May 27, 2018

Law of Mother Earth


Dear Editor,

This is international news that is highly relevant on both national and local levels and especially dear to the attitudes and hearts of Topangans. (I don’t know if the U.S. law granting corporations the same rights as people preceded Morales’ 2009 proposal at the U.N. or was a response to it, but they seem somehow related.)

With the cooperation of politicians and grassroots organizations, Bolivia is set to pass the “Law of Mother Earth,” which will grant nature the same rights and protections as humans. This piece of legislation, called la Ley de Derechos de la Madre Tierra (the Law of the Rights of Mother Earth), is intended to encourage a radical shift in conservation attitudes and actions, to enforce new control measures on industry, and to reduce environmental destruction.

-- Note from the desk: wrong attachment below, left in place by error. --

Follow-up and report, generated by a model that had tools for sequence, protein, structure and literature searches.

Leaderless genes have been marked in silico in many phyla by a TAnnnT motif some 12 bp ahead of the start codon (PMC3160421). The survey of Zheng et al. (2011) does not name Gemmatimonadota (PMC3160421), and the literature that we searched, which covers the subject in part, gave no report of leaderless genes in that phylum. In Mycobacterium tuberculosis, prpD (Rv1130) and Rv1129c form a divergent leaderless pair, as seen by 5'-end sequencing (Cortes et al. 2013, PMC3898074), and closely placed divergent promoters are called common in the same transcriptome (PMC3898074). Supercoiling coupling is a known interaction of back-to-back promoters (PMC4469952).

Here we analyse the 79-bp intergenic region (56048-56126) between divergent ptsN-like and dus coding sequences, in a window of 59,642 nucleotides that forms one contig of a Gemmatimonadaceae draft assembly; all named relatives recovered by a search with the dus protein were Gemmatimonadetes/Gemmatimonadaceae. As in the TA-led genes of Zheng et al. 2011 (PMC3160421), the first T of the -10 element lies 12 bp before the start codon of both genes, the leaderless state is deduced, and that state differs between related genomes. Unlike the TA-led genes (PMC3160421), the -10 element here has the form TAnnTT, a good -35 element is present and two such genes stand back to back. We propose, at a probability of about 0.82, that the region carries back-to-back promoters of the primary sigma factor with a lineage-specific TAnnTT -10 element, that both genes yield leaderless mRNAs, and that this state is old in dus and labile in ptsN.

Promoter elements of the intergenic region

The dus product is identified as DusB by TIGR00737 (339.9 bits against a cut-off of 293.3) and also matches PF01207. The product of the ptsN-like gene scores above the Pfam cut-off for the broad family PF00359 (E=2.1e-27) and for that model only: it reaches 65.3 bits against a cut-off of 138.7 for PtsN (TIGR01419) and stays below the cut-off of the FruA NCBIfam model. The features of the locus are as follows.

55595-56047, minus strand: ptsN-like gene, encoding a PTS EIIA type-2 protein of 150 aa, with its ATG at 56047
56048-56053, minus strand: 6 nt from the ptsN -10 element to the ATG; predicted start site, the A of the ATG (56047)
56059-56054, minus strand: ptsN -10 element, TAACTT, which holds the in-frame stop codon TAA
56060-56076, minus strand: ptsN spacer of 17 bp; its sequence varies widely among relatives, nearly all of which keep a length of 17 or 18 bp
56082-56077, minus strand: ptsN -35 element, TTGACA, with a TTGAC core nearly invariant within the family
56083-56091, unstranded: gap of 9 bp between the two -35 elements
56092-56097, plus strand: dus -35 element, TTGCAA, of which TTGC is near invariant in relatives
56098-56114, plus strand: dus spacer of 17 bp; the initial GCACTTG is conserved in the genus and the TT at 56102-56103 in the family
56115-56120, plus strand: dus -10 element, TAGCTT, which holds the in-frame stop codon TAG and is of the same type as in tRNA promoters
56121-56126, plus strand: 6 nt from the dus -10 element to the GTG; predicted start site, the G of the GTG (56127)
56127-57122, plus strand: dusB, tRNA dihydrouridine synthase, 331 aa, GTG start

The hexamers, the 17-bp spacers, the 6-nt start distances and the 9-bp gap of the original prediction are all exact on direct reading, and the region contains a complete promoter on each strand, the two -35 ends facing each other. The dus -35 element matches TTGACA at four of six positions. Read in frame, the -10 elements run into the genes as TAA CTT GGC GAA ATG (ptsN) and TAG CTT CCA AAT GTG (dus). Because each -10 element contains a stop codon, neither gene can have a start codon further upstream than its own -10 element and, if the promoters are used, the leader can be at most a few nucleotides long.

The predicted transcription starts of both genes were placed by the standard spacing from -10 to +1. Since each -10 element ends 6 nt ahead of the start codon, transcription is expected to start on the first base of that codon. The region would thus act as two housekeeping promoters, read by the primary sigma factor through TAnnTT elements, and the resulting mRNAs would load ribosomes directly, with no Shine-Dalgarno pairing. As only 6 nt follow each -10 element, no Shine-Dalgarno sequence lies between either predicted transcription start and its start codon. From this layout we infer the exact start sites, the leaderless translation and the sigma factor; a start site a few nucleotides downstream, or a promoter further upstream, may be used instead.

The law redefines natural resources as blessings and confers the same rights to nature as to human beings, including: the right to life and to exist; the right to continue vital cycles and processes free from human alteration; the right to pure water and clean air; the right to balance; the right not to be polluted; and the right to not have cellular structure modified or genetically altered. Perhaps the most controversial point is the right “to not be affected by mega-infrastructure and development projects that affect the balance of ecosystems and the local inhabitant communities.”

National opposition to the law is not anticipated, as Morales’ party — the Movement Towards Socialism — holds a majority in both houses of parliament. On April 20, two days before this year’s “International Mother Earth Day,” Morales will table a draft treaty with the UN, kicking off the debate with the international community.


—Bill Flaxman